Many of McGuire’s cave finds are brought back to Georgia Tech for what she calls Fossil Fridays, when the public is invited to help sift through the gravel and dirt to look for fossils. These “fossil discovery opportunities” reach people from across the broader Atlanta community, as well as East African undergraduate students who participate in workshops facilitated by the Conservation Paleobiology in Africa program.
“We are living in a time of rapid change,” McGuire notes. “Given the extent of the change, it is hard to predict how ecosystems are going to respond by observing snapshots of time. We use organisms' responses to past climatic and environmental changes to determine how things will play out, given the extreme changes that are anticipated.”
Lutz Warnke — who is also a recipient of the 2014 Richard-Rado-Prize, the 2016 Dénes König Prize, a 2018 Sloan Research Fellowship, and a NSF Division of Mathematical Sciences award — is fascinated by graph processes and networks, which are useful mathematical abstractions that consist of collections of points with links, or line-segments, connecting them. The more links you add, the more complex those networks become.
“Time-evolving random networks/random graph processes play an important role in several branches of mathematics and applied sciences, including statistical physics, complex networks, and extremal combinatorics,” Warnke says. “Unfortunately, for these processes, there is nowadays a widening gap between simulation-based results and theoretical understanding. I hope to develop new mathematical theory for such random graph processes, in order to better understand their properties, improve existing methods of analysis, and rigorously justify their applications.”
Warnke is using these random graph processes to attack difficult open problems in combinatorics. He explains "they provide a systematic way to give powerful probabilistic guarantees for hard-to-answer deterministic questions, such as the construction of complex graphs with unusual properties/constraints. I am particularly fascinated by the fact that the usage of randomness helps in extremal combinatorics and graph theory, and by developing new ways of analysis/new random processes I am trying to significantly increase the range of combinatorial applications."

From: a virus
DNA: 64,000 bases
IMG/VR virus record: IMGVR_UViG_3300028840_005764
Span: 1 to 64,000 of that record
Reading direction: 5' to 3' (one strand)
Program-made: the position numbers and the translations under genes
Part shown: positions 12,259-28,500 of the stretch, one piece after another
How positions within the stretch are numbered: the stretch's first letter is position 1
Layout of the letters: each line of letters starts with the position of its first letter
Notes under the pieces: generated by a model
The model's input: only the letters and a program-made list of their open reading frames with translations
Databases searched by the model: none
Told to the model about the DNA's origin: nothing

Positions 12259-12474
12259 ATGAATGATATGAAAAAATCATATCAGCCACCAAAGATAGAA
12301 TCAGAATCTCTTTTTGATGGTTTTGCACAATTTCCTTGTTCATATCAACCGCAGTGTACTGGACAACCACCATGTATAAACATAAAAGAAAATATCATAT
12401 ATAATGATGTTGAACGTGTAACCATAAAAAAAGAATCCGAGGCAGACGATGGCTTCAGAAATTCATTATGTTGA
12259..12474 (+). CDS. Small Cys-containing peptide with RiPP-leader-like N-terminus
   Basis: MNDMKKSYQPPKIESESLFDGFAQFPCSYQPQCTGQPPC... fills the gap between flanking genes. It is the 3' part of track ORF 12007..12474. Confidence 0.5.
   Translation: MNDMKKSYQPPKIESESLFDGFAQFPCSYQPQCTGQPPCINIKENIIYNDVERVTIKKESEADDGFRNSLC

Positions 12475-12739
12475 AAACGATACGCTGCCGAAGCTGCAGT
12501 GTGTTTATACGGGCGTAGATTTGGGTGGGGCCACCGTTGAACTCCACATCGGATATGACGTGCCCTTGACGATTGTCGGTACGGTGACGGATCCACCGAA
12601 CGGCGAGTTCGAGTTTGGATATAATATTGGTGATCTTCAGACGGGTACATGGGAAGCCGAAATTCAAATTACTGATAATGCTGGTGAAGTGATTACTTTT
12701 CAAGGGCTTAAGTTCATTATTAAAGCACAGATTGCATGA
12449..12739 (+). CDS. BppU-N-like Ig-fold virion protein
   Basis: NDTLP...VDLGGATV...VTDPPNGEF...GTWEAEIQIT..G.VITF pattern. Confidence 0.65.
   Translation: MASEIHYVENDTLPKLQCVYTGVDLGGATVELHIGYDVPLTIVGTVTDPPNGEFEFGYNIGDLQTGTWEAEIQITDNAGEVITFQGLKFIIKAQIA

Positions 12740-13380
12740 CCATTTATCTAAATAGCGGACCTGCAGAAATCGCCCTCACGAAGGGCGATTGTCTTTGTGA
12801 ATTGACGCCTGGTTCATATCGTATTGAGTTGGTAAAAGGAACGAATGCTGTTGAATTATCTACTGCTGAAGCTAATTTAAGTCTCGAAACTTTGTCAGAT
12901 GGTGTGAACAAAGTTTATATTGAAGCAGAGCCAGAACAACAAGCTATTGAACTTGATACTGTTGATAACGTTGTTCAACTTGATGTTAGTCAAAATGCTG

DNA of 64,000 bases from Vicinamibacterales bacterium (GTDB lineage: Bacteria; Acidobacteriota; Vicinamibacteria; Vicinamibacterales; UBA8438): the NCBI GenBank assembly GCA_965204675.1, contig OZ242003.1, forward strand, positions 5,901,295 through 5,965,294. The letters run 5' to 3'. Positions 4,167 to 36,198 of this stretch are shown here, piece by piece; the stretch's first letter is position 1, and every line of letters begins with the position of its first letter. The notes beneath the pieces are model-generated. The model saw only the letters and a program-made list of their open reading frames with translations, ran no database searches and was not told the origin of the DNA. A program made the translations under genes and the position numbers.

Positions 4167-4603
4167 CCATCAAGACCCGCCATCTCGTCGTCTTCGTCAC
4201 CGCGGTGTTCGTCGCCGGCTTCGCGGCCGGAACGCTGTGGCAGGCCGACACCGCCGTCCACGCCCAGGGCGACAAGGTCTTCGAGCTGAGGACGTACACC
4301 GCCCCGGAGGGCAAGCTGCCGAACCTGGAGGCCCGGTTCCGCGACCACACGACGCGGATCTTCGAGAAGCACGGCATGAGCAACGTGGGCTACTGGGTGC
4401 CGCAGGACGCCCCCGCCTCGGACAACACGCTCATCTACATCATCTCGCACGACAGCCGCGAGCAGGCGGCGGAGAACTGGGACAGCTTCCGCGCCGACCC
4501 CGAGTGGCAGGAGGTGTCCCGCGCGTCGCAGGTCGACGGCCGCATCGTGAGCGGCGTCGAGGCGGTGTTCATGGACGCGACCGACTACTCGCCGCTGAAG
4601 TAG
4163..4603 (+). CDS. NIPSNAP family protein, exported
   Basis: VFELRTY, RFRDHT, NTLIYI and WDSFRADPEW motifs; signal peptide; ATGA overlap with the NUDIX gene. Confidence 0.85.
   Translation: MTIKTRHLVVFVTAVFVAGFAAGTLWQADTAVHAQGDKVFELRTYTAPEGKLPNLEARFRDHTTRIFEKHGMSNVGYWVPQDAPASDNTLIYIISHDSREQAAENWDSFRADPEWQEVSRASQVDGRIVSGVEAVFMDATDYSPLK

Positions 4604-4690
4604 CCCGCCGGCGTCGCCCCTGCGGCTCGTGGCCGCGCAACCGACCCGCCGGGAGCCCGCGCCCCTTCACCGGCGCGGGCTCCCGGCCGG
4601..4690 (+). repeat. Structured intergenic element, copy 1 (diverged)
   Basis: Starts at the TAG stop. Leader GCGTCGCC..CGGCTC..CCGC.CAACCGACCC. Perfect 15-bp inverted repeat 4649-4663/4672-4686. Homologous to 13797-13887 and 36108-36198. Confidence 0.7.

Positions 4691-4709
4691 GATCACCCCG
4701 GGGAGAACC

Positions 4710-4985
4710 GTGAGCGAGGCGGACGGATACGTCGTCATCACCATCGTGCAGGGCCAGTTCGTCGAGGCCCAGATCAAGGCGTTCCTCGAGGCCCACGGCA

The CAREER grant will also allow him to spend more time on the phase transition of random graphs. He explains, “This refers to a sudden change of their typical properties, as we add more and more links to the graph (similar to how the state of water changes as we increase the temperature). I am trying to understand whether the phase transition of a wide variety of random graph processes share essential ‘universal’ features, as predicted by the profound universality paradigm from physics.”
“It is a great honor to receive the NSF CAREER award,” says Warnke. “I gratefully acknowledge this recognition and support from NSF, which will now help/allow me to further advance my research program, and pursue some of the most challenging problems in probabilistic combinatorics.”